Haiti’s Provisional Electoral Council (CEP) is expected to make a decision soon regarding what will happen with the second round of presidential elections, following President Rene Preval’s receipt of a report from an OAS “Expert” Mission. The CEP may decide to proceed with an election between two candidates – either Mirlande Manigat and Jude Celestin, or between Manigat and Michel Martelly, as the OAS Mission recommends. Or, the CEP could decide that Haiti’s first round of elections were too deeply flawed, and the outcome indeterminate, and decide to re-do the first round of elections.
More families now have two parents that are full-time workers, making it increasingly important for them to have access to flexible workplace policies. In 2002, California became the first state to implement a paid family leave insurance program, providing workers with paid leave when they have a new child or need to care for a family member with a serious illness. This policy expanded California's temporary disability insurance program that already provided paid leave to seriously ill workers. The Center for American Progress Action Fund and the Center for Economic and Policy Research hosted a panel that showcased research on the implementation and effectiveness of California's legislation and discuss what impact it will have on national policymaking.
The Aspen Institute Initiative on Financial Security hosted a discussion on deficit-reduction measures. The conversation centered on dominant contributors to the U.S. fiscal deficit, identify practical solutions for restructuring government expenditures and revenues, and highlight political fault lines that threaten meaningful reform. The event was moderated by David Leonhardt, New York Times columnist. Participants included Dean Baker, Co-Director, Center for Economic and Policy Research; Grover Norquist, President, Americans for Tax Reform; Andrew Stern, Senior Research Fellow, Georgetown Publilc Policy Institute; and Eugene Steuerle, Institute Fellow & Richard B. Fisher Chair, The Urban Institute. A video of the event can be found on the Aspen Institute's site.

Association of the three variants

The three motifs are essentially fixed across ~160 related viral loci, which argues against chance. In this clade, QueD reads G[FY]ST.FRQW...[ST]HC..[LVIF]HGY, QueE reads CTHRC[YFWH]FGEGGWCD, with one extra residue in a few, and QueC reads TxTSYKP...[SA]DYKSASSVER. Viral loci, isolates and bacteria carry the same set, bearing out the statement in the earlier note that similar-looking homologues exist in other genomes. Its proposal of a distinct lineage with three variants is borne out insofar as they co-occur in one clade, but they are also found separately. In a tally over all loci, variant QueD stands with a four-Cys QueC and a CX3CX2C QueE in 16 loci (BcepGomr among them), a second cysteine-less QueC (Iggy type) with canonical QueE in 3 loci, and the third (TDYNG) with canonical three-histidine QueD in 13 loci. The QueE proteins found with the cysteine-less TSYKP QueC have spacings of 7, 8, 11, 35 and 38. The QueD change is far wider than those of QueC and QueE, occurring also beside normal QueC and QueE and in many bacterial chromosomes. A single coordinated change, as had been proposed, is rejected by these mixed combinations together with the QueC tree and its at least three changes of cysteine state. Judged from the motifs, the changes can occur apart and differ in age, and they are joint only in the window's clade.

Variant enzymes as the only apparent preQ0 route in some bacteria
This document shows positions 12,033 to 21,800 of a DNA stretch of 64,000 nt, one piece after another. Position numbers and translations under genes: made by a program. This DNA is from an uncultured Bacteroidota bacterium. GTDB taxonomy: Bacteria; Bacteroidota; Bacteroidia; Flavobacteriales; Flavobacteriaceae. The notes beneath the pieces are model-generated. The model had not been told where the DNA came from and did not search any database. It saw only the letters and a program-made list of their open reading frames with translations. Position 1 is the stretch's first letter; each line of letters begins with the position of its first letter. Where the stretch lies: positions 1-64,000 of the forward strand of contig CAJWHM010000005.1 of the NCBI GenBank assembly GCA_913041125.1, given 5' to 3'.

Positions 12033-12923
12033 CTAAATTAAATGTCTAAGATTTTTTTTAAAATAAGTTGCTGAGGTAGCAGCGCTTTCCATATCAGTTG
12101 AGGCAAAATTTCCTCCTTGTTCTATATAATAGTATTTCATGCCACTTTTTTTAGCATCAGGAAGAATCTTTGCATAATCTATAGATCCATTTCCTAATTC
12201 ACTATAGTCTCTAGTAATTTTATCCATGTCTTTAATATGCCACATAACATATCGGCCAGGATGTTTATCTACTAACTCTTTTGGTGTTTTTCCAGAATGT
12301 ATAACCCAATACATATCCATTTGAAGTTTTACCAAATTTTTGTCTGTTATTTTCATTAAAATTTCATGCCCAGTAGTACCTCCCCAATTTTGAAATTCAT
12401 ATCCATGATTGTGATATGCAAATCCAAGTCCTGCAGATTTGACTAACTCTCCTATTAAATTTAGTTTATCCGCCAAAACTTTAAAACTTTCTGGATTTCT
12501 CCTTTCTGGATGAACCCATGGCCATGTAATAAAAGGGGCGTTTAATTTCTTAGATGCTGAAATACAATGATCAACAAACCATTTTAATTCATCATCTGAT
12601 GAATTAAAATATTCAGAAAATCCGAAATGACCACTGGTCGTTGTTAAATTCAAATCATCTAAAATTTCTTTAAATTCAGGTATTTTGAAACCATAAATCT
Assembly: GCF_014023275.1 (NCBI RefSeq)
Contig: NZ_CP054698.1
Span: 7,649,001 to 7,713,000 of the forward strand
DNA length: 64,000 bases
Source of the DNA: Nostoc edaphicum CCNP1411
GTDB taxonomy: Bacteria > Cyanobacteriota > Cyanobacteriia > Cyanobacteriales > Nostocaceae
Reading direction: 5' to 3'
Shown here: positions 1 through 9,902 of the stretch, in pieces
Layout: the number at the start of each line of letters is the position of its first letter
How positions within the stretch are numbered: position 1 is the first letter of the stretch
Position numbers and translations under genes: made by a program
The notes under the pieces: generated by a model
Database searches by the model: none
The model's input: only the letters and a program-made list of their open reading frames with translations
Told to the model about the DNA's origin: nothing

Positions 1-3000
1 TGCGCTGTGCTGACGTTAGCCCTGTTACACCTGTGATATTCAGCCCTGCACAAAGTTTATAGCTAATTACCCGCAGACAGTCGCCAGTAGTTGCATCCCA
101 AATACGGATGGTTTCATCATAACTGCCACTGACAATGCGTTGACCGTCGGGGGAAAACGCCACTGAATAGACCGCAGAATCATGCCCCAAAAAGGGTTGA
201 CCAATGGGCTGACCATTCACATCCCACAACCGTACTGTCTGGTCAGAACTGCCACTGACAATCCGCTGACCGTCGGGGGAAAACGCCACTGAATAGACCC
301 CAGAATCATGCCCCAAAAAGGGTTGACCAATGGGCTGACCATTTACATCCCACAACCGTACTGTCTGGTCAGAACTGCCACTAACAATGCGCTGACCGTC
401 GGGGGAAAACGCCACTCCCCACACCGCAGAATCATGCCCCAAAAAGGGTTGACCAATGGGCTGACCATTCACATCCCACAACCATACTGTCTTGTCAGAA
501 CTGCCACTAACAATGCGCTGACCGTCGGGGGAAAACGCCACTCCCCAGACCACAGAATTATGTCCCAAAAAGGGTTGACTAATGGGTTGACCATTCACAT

December 16, 2010
Should the Disadvantaged Be Spared From the Budget Axe? A Look at the President’s Budget Commission Findings and How They Could Impact the Poor
The poor, the near-poor, and their children who rely on government benefits to get ahead have more to lose than most if the federal budget implodes. The Budgeting for National Priorities Project at Brookings, in cooperation with Spotlight on Poverty and Opportunity and the Hudson Institute, convened two panels of experts to examine the recommendations of the President’s National Commission on Fiscal Responsibility and Reform from the perspective of the disadvantaged.
The National Commission on Fiscal Responsibility and Reform released its final report on December 1st. There are many paths to fiscal responsibility, but the immediate priority must be broadly shared economic growth and security. Did the fiscal commission’s proposals meet this goal? What alternatives would spur an early economic recovery? The American Prospect, Demos, the Economic Policy Institute, The Century Foundation, and The Roosevelt Institute sponsored an event in response to the report’s release. CEPR Co-Director Dean Baker, along with Nobel Laureate Joseph Stiglitz and other prominent experts, discussed the merits and drawbacks of the commission’s plan and recommend alternative paths to fiscal responsibility with sustained economic growth for all Americans. The event was streamed live at www.ourfiscalsecurity.org.